Lafayette School Board revisits employee’s qualifications

The employee at the center of an ongoing School Board debate because he was hired without meeting the educational qualifications for his job is now working on earning a GED diploma, Superintendent Pat Cooper said Wednesday.

The board approved the hiring in March 2012 of Thad Welch for the newly created position of special assistant to the superintendent: facilities, maintenance, ground and transportation at a salary of nearly $76,000.

Cooper said Wednesday he hired Welch as a consultant in January 2012 to assess district needs, and between then and his March hiring, he earned $14,500.

Cooper said that since then Welch has saved the district “millions on potential construction projects” and replaced the need for supervisors and administrators who made $102,000 and $85,000 with “far less positive results.”

The job description, approved by the board in February 2012, set a minimum educational requirement of a high school diploma.

Board member Tehmi Chassion first raised the issue of Welch’s failure to meet the educational requirement — Welch does not have a high school diploma — at the board’s Jan. 9 meeting. Since then, the issue has been a topic of discussion and some board members have fought the hiring based on claims policy must be followed and Welch does not qualify for the position.

“We did not break policy,” Cooper said following the meeting.

He explained that board policy allows staff to consider a candidates’ total qualifications when making a hiring decision.

Welch outscored other applicants interviewed for the position and has 17 years of supervisory experience in the areas he supervises, according to human resources department records.

Last month, the board voted to request an attorney general’s opinion about its authority to reconsider its decision last year to approve Welch’s hiring and a pending proposal to eliminate funding for his position.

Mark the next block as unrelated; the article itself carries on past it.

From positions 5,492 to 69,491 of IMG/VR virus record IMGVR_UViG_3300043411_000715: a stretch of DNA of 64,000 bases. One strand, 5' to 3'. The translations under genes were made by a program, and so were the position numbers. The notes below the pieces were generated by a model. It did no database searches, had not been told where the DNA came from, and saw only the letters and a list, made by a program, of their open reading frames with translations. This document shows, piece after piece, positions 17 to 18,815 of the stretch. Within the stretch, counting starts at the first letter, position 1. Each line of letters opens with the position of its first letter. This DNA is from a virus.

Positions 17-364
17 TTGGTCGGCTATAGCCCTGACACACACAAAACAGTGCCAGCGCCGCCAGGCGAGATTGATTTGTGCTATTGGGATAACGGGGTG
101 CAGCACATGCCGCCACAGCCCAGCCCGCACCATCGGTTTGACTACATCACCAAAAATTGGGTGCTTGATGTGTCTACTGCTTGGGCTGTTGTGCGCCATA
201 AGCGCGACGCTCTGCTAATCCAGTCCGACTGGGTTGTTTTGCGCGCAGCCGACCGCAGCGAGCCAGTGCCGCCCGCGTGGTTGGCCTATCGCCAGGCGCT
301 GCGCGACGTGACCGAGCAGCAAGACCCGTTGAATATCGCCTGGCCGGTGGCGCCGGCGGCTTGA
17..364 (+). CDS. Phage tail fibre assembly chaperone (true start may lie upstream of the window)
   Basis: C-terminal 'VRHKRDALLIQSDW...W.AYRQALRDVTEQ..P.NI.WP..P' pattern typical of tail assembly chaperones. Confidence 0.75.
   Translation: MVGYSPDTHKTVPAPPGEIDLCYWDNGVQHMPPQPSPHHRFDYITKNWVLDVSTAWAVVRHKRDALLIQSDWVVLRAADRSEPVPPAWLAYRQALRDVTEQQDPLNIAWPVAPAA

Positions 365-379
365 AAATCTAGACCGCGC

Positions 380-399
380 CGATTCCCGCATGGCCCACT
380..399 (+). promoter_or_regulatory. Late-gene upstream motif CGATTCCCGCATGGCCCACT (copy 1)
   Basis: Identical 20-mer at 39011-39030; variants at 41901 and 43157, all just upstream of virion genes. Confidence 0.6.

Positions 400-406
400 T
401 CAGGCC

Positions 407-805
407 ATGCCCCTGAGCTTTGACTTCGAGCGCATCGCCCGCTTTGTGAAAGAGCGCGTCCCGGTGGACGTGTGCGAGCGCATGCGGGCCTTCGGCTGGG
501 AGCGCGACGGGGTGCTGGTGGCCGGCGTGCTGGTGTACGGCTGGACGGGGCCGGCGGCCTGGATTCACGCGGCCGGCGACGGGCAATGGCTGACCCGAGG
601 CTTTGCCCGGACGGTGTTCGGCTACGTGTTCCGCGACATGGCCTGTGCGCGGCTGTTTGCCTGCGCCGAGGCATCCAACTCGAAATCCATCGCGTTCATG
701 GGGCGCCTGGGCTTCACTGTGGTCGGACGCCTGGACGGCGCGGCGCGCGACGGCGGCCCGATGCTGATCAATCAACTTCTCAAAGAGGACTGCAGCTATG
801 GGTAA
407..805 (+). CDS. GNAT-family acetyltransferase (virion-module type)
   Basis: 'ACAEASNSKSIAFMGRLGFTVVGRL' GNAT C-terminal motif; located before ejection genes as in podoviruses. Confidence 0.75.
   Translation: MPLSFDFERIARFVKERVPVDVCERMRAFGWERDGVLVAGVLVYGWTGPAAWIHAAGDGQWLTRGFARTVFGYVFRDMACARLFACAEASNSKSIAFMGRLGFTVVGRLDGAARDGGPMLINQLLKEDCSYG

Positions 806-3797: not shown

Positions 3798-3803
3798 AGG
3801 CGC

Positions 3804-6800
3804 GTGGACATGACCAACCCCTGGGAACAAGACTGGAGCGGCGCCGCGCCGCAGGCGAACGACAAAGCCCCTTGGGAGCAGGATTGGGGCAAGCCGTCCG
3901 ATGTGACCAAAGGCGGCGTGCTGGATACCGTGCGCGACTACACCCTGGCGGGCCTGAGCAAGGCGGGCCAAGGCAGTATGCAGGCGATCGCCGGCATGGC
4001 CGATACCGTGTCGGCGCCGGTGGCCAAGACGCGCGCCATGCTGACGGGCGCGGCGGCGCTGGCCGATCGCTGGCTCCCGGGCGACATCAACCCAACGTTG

A vote on Chassion’s proposal to eliminate the funding for the position was set for Wednesday’s meeting, however, Chassion pulled the item and said he’d like the board to take it up again in two weeks.

Board member Mark Cockerham pushed for board members to “move on” and drop the issue. He proposed a motion that the board approve all personnel decisions made in 2012 prior to July when hiring and firing decisions transferred from school boards to the superintendent.

“We’ve spent a lot of time talking about this. I think we have other things on our plate,” Cockerham said.

The motion failed due to lack of support.

Howard Weiss, a parent, told the board he felt the hiring issue was a “manufactured” one because some “feathers” may have been ruffled during Cooper’s transition to the superintendent’s position.

“I urge you to move forward and put aside this bickering … I don’t think this is an issue that needs this much consideration, and it’s gone on too long,” Weiss said.

Two employees supervised by Welch credited him for improving school facilities.

“He has brought a difference here. Cleaner schools, cleaner environments,” said Norma Davis, a custodian.

Also, on Wednesday, the board received its first look at a proposed performance-based teacher salary increase plan required by Act 1, despite a district court judge’s ruling Monday that parts of the law related to how teachers earn and retain tenure was unconstitutional. The ruling also affects a new evaluation system that sets the framework for tenure.

Since the state plans to appeal the judgment, district officials said they’ll move forward with the requirements laid out in the law, which involves a performance-based teacher evaluation model and pay increases based on performance.

“If the Supreme Court upholds the decision … what do we do?” board member Kermit Bouillion asked.

“You can use it as kindling in your fire,” said Bruce Leininger, human resources director.

Leininger said the district plan is based on a $1.5 million budget using data from 2011-12 and the evaluations of 1,600 students rated under the new system this year. The new evaluation system is based on classroom observations and student performance with teachers earning a rating of ineffective, emerging effective, proficient and highly effective.

Leininger said that as of Feb. 20, 1,600 teachers had been evaluated under the new evaluation system and only 35 or 2.2 percent had been rated as ineffective; 202 or 12.6 percent were emerging; 1,050 or 65.6 percent were proficient; and 313 or 19.6 percent were highly effective.

Teachers who receive an ineffective rating will not receive a pay increase. The lowest pay increase a teacher may receive is $465, which is for an emerging effective rating and four years or less of experience. The amount is based on the current lowest annual step increase, which is $464, Leininger said.

The highest increase a teacher may receive is $1,000, which is for a highly effective teacher with 21 or more years of experience in a demand position.

The pay increases are slightly higher for those teachers in “demand” positions, such as in special education, at academically unacceptable schools or at schools that have been reconstituted due to low school performance.